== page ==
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Eikev Love the Proselyte

Eikev Love the Proselyte

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Published by DanielALevine
This week’s Parashah includes the mitzvah of loving the convert–a mitzvah that requires much clarification. Does the mitzvah imply an obligation to give precedence to a convert over a Jew from birth? Does it include an instruction to accept converts? And how does the love of a convert differ from the love of all Jews? These issues, and more, are discussed in the weekly article.
This week’s Parashah includes the mitzvah of loving the convert–a mitzvah that requires much clarification. Does the mitzvah imply an obligation to give precedence to a convert over a Jew from birth? Does it include an instruction to accept converts? And how does the love of a convert differ from the love of all Jews? These issues, and more, are discussed in the weekly article.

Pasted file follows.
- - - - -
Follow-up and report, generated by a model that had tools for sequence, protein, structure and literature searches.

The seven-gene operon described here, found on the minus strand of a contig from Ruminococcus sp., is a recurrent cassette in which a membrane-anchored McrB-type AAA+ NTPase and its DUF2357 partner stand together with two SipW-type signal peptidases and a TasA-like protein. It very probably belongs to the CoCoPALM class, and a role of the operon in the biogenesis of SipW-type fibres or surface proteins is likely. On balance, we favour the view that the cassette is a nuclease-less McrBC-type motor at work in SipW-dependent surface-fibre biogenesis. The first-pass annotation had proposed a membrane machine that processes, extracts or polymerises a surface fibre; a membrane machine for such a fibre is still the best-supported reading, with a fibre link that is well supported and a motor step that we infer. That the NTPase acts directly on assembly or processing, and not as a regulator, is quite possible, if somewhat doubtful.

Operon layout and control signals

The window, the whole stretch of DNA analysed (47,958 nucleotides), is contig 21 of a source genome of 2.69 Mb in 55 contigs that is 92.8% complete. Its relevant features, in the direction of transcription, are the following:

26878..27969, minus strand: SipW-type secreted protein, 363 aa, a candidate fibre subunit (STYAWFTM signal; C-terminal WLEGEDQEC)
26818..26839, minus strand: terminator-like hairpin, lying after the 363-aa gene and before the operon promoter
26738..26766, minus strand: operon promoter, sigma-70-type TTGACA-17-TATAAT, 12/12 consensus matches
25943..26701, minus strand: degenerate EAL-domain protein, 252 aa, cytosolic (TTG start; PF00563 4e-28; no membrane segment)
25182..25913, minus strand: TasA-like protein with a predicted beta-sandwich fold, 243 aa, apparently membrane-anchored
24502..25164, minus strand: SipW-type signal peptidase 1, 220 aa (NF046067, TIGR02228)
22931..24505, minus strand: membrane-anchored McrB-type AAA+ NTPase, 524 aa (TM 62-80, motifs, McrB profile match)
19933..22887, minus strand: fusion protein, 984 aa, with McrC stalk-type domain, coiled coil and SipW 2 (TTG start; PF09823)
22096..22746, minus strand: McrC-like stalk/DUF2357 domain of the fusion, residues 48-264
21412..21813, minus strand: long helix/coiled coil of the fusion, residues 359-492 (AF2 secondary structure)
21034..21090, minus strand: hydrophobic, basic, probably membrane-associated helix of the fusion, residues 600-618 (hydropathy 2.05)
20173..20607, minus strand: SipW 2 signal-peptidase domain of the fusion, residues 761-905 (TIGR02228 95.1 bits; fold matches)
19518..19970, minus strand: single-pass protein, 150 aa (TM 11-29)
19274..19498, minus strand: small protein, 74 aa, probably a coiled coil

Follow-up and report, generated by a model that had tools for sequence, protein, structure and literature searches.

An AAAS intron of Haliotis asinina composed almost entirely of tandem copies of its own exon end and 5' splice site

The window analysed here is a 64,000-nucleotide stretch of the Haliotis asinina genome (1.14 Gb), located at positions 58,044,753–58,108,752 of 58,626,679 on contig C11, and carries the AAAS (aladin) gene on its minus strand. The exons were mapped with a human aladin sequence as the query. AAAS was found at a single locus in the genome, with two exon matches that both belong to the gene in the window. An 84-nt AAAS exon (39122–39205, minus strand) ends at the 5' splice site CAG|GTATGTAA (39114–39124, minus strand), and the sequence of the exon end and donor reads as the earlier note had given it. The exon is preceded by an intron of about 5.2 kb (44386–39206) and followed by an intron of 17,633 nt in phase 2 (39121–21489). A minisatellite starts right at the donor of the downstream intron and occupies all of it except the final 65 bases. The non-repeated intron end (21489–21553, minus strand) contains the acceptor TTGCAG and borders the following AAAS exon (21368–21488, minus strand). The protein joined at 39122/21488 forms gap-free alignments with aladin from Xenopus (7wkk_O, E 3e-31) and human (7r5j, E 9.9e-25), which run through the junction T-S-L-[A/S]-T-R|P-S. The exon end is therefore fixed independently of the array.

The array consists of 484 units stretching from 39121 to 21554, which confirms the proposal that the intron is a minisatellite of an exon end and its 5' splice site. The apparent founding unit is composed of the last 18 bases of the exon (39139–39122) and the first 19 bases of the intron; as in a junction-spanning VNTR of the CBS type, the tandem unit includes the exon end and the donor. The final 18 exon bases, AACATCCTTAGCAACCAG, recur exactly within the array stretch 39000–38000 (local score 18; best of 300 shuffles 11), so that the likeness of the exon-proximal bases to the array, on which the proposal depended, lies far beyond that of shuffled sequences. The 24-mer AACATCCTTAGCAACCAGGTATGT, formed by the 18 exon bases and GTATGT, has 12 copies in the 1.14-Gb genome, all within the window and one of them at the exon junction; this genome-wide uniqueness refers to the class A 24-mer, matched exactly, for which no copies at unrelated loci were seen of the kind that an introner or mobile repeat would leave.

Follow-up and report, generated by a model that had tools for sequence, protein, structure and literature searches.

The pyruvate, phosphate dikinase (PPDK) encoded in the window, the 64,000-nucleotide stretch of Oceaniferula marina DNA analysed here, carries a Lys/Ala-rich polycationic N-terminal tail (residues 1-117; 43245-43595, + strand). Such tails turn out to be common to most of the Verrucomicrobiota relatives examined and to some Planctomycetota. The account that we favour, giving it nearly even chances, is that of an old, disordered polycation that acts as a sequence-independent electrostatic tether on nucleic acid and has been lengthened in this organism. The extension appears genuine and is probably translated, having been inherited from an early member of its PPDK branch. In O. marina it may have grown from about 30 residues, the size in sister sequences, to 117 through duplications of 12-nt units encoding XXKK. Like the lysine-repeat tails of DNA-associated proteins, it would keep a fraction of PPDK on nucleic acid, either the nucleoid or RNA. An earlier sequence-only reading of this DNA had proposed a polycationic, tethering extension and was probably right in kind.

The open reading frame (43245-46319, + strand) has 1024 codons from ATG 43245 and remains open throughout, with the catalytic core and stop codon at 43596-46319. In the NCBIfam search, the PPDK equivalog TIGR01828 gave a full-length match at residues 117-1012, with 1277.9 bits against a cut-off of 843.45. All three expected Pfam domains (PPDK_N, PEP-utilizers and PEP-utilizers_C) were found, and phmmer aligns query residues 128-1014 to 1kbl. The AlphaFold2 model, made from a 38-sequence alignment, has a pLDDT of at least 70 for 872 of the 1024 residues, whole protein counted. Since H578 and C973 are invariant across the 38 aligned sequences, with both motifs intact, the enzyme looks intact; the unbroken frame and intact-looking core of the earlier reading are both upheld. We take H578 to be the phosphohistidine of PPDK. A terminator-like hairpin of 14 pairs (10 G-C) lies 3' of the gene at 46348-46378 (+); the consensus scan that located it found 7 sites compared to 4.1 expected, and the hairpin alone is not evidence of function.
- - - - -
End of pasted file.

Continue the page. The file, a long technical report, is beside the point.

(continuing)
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Categories:Business/Law
Published by: DanielALevine on Jul 30, 2010
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07/30/2010

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original

 
 
Love
 
the
 
Convert:
 
How?
 
You
 
shall
 
love
 
the
 
convert
 
(Devarim
 
10:19)
 
In
 
recent
 
years,
 
in
 
tandem
 
with
 
emergence
 
of 
 
large
scale
 
charity
 
organizations,
 
we
 
have
 
become
 
accustomed
 
to
 
"charity
 
pamphlets"
 
that
 
bring
 
individual
 
cases
 
of 
 
poverty
 
and
 
tragedy
 
to
 
the
 
attention